Mark Fuller, director of the Ruedi Water and Power Authority, said the releases were handled differently this year than over the last decade or so. The flow in the Fryingpan River is generally maintained at 250 cubic feet per second during summer months. It has rarely exceeded 300 cfs during summers and if it did, it was only for a day or two, he said. This year the flow in the Fryingpan topped 250 cfs the week of July 29 and kept climbing. It topped 400 cfs by Aug. 12 and 500 cfs by Aug. 19. Flows didn’t drop below 250 cfs until the week of Sept. 9…
[Bruce Gabow] quizzed reclamation officials about the flow and was told a “perfect storm” of circumstances affected the releases. Ruedi is one of a handful of reservoirs used to meet the demands of downstream users who purchase water. A variety of factors affected releases this summer when there were “calls” for water. There was a brief shutdown of the Shoshone Power Plant on the Colorado River, which affected water required from Ruedi; there was a delay in declaring a surplus of water from Green Mountain Reservoir, requiring more water releases from Ruedi while Green Mountain couldn’t answer the calls; and there was the usual contribution by Ruedi to a program to benefit endangered fish species on the Colorado River east of Grand Junction. The reaction of the federal agency to concerns in the Fryingpan Valley have been frustrating Gabow for years. Officials hold the necessary public hearings to collect input and they act concerned about the points raised by local residents, Gabow said, but they don’t alter their operations. “They do whatever they want,” he said. “They’re not really accountable to anyone here. They’re the government.”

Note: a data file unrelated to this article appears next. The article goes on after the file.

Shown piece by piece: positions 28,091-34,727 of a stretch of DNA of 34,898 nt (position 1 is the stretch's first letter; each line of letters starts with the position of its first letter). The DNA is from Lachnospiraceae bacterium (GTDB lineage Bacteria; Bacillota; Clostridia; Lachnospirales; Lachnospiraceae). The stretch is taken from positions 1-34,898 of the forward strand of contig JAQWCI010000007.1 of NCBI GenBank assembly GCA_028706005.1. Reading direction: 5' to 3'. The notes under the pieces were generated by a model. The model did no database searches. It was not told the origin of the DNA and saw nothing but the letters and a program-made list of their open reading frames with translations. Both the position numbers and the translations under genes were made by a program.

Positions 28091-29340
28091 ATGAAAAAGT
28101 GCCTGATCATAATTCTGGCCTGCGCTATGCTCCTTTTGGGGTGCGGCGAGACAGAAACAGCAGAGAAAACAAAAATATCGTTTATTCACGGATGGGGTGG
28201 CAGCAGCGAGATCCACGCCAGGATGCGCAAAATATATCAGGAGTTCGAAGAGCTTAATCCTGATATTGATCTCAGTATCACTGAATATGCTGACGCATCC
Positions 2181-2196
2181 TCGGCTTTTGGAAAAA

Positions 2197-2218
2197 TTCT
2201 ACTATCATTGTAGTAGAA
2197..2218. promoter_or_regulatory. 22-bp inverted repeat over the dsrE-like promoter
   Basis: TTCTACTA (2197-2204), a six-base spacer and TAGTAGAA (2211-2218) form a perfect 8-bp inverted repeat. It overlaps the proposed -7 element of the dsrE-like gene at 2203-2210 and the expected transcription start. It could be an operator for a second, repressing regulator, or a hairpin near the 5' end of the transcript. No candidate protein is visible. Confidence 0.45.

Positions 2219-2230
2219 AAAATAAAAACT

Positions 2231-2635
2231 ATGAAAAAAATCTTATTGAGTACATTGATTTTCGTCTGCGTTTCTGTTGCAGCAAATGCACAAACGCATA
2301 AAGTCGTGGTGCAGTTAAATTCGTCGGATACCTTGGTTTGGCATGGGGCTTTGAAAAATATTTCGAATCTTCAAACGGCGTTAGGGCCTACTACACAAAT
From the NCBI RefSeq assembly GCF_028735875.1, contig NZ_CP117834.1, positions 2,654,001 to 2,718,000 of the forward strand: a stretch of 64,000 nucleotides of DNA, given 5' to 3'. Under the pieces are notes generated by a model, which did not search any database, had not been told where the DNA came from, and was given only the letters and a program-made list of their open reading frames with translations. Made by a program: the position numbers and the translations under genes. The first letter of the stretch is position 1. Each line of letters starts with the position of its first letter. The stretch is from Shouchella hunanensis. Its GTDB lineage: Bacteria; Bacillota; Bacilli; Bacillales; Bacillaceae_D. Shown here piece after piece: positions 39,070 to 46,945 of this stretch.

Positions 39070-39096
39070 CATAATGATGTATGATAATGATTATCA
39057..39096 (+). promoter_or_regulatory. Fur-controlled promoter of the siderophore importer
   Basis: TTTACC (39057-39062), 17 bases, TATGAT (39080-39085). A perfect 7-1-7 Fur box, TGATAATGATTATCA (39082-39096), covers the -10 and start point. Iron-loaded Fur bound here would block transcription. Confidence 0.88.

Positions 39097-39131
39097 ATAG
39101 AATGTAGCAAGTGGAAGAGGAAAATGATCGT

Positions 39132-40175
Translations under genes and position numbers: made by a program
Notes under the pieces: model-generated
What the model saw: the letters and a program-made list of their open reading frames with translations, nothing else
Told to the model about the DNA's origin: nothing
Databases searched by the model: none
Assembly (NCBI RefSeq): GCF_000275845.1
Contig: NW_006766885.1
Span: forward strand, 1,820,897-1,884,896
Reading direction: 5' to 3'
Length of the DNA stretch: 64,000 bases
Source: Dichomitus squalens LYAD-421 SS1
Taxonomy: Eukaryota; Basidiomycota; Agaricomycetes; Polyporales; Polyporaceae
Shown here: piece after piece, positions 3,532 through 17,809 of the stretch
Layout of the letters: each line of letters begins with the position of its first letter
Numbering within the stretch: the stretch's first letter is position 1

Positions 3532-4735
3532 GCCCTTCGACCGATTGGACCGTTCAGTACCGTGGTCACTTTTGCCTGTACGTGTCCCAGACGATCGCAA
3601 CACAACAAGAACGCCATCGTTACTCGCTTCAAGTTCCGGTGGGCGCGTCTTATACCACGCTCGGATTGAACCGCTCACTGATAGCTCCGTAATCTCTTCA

The interviews will be at the board’s next meeting, 1 p.m. Dec. 4 at Fountain City Hall. The finalists chosen are:
Gary Barber, a Colorado Springs water rights and real estate broker. Barber also is the manager of the El Paso County Water Authority and chairman of the Arkansas Basin Roundtable. He helped lawmakers write the legislation that created the Fountain Creek District.
Former Pueblo County Administrator Mark Carmel. In his more than 30-year career with Pueblo County, Carmel served as the county engineer and public works director as well.
Pueblo businessman Kevin McCarthy, whose letter explained that after working with some of those involved in projects on Fountain Creek, he is interested in becoming the “point person” for projects. He is a member of the Pueblo Board of Water Works.
Pueblo Stormwater Director Dennis Maroney, who will be retiring in January. Maroney is familiar with Fountain Creek issues after eight years working with the Corps of Engineers watershed study. He is on the Fountain Creek district’s technical advisory committee. Maroney has worked for the city since 1982.
James Munch, former head of planning for the city of Pueblo. After almost 30 years with the city, Munch became director of development for the Pueblo Springs Ranch development north of Pueblo in 2007. He is now a consultant…